In the spring of 2010, the revival of the 600 block of Central Avenue in St. Petersburg brought a new vibe to a corridor once plagued by neglect.
The resurgence added art studios, galleries and small shops offering clothing and home furnishings and, more important, a sense of community among merchants of the Crislip Arcade and other store owners there.
Now plans are in the works to add a new wrinkle to the mix. An Internet-based community radio station is coming to Rhino Film Studios at 657 Central Ave.
The 24-hour station, rhinoonair.com, is scheduled to launch on Oct. 17. It will feature 15 hosts doing 10 segments. Live shows will air from 8 a.m. to 5 p.m. each day, followed by rebroadcasts through the night. For the most part, those segments will focus on the arts.
Listen closely enough and it sounds as if the arts community has found its voice and is going viral.
The venture is a collaborative effort led by Ann Marie Cash, a publicist for a host of artists in downtown St. Petersburg.
Dr. Kyle Remmel, a local chiropractor, and Cliff Gephart, owner of Rhino Film Studios, are Cash's business partners.
"The radio station is a spinoff of some of the networking going on in the art community," Cash said. "It is basically by the arts, for the arts."
This isn't her first venture in Internet-based radio. Her show, Connect the Dots, which focuses on empowering people through the arts, was on Life Improvement Radio, another Internet-based radio station at 6408 Dr. Martin Luther King Jr. St. N.
Cash, who moved to St. Petersburg a year ago after living in the Westchase neighborhood in northwest Hillsborough County for seven years, parted ways with that station months ago. She also launched the website thebestofstpete.com, which she describes as "for the arts by the arts."
"When the Life Improvement thing happened, I was so sad," she said. "I was paying $300 for my show; it was not free," she said, adding that most hosts at the station pay for airtime. "So I was devastated."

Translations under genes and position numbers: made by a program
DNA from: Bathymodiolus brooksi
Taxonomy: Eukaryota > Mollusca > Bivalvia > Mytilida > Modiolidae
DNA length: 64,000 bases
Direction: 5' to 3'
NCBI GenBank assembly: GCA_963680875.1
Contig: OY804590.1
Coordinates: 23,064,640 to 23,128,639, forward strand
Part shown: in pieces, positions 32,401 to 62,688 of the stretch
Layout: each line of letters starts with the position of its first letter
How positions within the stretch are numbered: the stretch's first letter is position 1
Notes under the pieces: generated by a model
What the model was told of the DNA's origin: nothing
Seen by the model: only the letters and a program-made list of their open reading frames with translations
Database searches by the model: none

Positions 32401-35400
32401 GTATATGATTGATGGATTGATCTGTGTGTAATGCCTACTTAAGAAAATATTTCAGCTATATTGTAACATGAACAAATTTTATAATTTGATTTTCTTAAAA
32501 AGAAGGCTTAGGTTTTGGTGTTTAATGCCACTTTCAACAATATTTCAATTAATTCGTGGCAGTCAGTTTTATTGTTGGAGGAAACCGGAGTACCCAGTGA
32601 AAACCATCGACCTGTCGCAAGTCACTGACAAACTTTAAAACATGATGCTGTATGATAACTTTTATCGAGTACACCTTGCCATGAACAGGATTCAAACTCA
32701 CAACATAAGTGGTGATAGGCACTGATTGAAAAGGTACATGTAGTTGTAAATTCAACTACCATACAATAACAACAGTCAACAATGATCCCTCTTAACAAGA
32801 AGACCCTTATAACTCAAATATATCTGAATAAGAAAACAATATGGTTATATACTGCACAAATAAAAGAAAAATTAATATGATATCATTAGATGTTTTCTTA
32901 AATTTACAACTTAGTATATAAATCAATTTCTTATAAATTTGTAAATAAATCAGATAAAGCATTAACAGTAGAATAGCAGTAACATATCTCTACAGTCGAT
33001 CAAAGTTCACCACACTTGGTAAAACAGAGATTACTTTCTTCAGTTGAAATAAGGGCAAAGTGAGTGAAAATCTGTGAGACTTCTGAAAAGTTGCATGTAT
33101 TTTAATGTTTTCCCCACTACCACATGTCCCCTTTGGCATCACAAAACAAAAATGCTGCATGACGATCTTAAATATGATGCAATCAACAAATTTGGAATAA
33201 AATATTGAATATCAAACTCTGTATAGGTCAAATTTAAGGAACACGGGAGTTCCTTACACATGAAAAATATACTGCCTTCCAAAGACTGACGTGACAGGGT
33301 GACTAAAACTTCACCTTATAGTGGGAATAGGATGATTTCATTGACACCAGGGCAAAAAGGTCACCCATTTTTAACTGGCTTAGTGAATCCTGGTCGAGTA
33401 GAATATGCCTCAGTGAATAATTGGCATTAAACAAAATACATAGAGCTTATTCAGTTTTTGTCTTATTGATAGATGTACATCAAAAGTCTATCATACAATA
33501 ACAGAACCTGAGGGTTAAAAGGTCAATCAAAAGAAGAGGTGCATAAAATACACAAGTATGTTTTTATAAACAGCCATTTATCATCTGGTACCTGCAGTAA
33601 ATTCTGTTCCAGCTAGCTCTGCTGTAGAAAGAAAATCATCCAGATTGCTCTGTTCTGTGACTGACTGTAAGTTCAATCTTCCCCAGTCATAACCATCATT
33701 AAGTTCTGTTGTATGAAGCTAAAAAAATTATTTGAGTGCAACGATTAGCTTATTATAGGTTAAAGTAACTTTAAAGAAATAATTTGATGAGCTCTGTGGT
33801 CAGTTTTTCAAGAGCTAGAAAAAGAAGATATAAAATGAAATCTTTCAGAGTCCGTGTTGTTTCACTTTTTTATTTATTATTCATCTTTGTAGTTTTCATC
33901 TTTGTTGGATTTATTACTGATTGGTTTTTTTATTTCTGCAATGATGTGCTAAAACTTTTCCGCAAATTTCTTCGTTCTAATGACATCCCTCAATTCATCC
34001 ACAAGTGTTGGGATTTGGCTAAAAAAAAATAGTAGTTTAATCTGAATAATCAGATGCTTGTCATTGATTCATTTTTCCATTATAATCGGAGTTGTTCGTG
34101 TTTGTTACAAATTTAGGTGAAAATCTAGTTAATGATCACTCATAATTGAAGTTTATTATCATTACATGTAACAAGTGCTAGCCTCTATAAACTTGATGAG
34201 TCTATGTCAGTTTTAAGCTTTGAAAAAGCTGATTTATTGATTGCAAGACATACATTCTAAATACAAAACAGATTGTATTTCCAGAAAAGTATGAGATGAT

After leaving Life Improvement, Cash said, she posted an announcement about her status on Facebook. That is when Gephart, the owner of Rhino, called and a plan was hatched.
"When one door closes, a whole radio station opens," said Cash.
Internet-based radio isn't a new phenomenon, but its popularity is growing, especially for listeners looking for alternatives to offerings on the AM/FM dials.
Internet radio uses streaming technology that allows listeners to tune in online. Unlike satellite radio, it doesn't require listeners to subscribe to the service. It's available simply by clicking a mouse. Studies show that 54 million Americans tune in each month.
According to Arbitron and Edison Media Research, which have been tracking new forms of radio since 1998, the online radio audience has 33 million listeners each week. The 2008 study found that 15 percent of those listeners are 25 to 54, a group that is important to advertisers.
The findings of the study bode well for the new venture since Cash has already built a base of supporters who will likely tune in. She has been active with potential listeners via the Best of St. Pete and said the radio station is an extension of the website. Cash said she intends for the segments to reflect that.
The segments aren't limited to the arts. Some will feature comedy, indie music and filmmaking. Sugar and Spice will focus on cooking. The segments are free for the hosts, who will help Cash find sponsors and advertising for the station.
Another show, One Love, will be hosted by local artist and entrepreneur Rasta Geary Taylor, who owns a shop in the 600 block of Central.
"My show will basically be an extension of me," said the 40-year-old Nebraska native. Taylor said his segment will focus on art, healthy living, community relations and comedy. He plans to line up guests for programs that will run the gamut from diet and fitness to art and fashion.
Taylor, who is known around town as the "original Nebraskafarian," said he's excited by the buzz about the new station and how he has been embraced in the community.
"St. Pete's been great to me. I've lived in Clearwater and Largo, but I never expected the people to embrace me the way they have," he said. "I have great friends and support group here. The support group is awesome. I have to give them props."
If the station is successful, the arts community will be able to engage followers on another platform that has not been available locally.
The venture also may serve as a model for other groups whose voices have been muted by the corporate dominance of traditional airwaves.
Sandra J. Gadsden is an assistant metro editor, community news. She can be reached at [email protected] or (727) 893-8874.